Almost Worked To Death Comic Strips
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boss on video call. boss: i'm proud to announce we reduced workplace injuries by 76% this past year. voice from laptop: we all worked from home this year. shouldn't we have seen a 100% reduction? boss: our security guard kept hurting his back stealing office equipment.
boss: ted, i want your honest feedback on how i'm doing as your boss. ted: this feels like a trap. boss: not at all! i love constructive criticism! ted: i think you're almost perfect. boss yelling: almost?
alice: you did a great job on your project ted. ted: thank you. alice: you are most welcome. ted: wait. why do i have a sense of dread and foreboding? it isn't like you to give out generous compliments. this feels like a trap. you're lulling me into a false sense of security. you plan to sabotage my career to make yourself look better by comparison. ted yelling: you monster! boss: what's this all about? alice thinking: that worked out.
boss: dilbert, i'm assigning you to the network redesign project. dilbert: what phase is that project in? is it in the initial stage, in which everyone is feeling positive and optimistic? or is it in the middle phase, in which everyone is finding away and hating the other team members? boss: it's in the death spiral phase. everyone is trying to assign blame to someone they already hate. they requested that i add you to the team. dilbert: to save the project? boss: um...okay, sure.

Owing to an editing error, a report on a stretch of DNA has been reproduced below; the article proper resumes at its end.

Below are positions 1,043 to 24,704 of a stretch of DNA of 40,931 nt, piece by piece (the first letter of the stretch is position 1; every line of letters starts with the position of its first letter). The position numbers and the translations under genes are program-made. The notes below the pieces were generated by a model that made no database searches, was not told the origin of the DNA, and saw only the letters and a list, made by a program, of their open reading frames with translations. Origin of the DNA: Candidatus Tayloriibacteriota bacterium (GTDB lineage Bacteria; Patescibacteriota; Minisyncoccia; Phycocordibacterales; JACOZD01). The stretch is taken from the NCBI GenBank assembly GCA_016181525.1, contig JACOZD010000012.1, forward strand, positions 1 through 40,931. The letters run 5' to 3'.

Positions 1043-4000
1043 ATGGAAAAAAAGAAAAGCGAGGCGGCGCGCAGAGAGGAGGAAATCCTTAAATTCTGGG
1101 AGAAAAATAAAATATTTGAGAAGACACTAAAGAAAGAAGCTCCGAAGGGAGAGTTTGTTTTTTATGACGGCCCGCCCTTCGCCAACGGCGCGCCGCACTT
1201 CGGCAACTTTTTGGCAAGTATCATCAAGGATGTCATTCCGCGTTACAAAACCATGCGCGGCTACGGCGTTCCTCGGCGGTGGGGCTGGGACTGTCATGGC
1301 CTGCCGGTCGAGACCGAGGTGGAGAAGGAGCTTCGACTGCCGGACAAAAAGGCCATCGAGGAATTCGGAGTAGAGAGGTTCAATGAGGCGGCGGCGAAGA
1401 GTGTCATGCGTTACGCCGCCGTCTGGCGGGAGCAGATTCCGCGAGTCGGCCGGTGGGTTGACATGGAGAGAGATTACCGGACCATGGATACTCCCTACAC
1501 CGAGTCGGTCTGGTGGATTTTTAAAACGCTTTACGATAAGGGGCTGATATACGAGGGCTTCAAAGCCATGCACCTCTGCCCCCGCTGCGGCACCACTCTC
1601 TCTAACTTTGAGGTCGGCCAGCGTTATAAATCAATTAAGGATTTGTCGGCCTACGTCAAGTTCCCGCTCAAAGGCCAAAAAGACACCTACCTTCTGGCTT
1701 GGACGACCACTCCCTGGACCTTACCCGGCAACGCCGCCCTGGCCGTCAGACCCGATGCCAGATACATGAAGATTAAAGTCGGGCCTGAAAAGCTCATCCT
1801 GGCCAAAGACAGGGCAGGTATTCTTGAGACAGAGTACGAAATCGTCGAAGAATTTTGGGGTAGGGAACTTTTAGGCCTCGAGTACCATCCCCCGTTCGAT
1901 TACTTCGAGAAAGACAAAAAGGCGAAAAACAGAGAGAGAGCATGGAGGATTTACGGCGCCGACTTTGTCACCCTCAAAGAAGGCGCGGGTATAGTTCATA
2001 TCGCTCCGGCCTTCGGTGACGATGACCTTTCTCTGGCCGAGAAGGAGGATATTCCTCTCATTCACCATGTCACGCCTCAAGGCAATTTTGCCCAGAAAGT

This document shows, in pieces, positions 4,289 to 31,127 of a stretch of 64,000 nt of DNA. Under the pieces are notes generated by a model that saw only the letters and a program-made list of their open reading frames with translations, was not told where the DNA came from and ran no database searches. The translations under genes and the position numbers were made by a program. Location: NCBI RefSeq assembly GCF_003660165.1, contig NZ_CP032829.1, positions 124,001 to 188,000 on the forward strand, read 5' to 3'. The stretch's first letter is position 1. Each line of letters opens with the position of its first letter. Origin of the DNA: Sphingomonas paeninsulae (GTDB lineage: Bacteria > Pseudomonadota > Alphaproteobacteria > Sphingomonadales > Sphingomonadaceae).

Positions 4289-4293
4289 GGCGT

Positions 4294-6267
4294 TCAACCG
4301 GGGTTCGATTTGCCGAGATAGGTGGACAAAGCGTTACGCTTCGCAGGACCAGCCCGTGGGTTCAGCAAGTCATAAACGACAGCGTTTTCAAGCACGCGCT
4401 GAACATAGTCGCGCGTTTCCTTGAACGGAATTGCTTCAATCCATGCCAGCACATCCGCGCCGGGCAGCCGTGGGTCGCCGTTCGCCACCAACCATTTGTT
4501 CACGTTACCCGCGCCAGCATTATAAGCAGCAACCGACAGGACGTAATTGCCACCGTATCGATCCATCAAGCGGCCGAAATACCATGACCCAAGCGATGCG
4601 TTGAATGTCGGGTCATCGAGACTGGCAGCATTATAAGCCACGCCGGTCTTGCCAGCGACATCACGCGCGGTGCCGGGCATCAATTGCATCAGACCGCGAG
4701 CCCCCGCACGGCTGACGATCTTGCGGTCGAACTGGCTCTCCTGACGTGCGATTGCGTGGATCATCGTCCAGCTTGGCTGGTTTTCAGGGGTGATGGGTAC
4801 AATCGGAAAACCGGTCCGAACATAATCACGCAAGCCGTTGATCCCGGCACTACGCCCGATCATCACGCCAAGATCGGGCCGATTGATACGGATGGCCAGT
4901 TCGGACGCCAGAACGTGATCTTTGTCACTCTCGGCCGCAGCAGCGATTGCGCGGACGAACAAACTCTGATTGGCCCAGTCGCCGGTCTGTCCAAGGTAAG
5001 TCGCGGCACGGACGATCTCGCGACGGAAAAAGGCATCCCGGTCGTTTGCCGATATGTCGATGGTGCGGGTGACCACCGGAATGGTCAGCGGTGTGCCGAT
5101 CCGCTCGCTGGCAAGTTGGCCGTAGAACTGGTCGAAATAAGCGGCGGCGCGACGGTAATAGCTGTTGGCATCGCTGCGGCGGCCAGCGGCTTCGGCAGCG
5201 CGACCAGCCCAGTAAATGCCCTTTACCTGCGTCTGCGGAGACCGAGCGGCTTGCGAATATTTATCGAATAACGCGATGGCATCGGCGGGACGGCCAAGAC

Tina: i almost got some information from carl. i stalked him to his cubicle and penetrated his outer defense of rudeness. but i never broke through his mumble layer. dilbert: wait until you get to his ignorance layer.
dilbert: i worked all weekend to get this done for you by the deadline. boss: thanks, but i won't need it for another two weeks. dilbert: then...why did you tell me the deadline was today? boss: i built some cushion into the schedule. dilbert: you mean, you lied to me about the real deadline. in other words, you don't trust me, you are a liar, and i should never believe you again. boss: but you didn't miss the deadline! dilbert: okay, well, at least my input is critical to our success. boss: i might have exaggerated that.
co-worker: why have you changed your opinion since last week? dilbert: i haven't changed my opinion. co-worker: no, it was different last week. dilbert: are we really debating which one of us is a better authority on my opinion? co-worker: you might be lying about not changing your opinion. dilbert: and you might be hallucinating or lying or just stupid. co-worker: you might be trying to gaslight me right now. i'm glad we can have these honest talks. dilbert: i hope you plunge to your death in a freak elevator accident.
office worker: i've been working here for nine years, and you haven't given me a single raise! boss: i didn't even know you worked for me. obviously, you didn't do anything useful, or i would have noticed. office worker: well, in that case, i'm glad i didn't give my name.
dilbert: yesterday i refused to do something i had been asked to do because it was stupid. and it worked out fine. wally: don't let the power go to your head. dilbert doing happy dance: i am off the leash! continued...
vendor salesman: just fill out these five pages of information, and we're good to go. dilbert: no. cancel the order, and i'll find an easier vendor to work with. vendor salesman: in that case, all i need is your signature. dilbert: that worked? continued...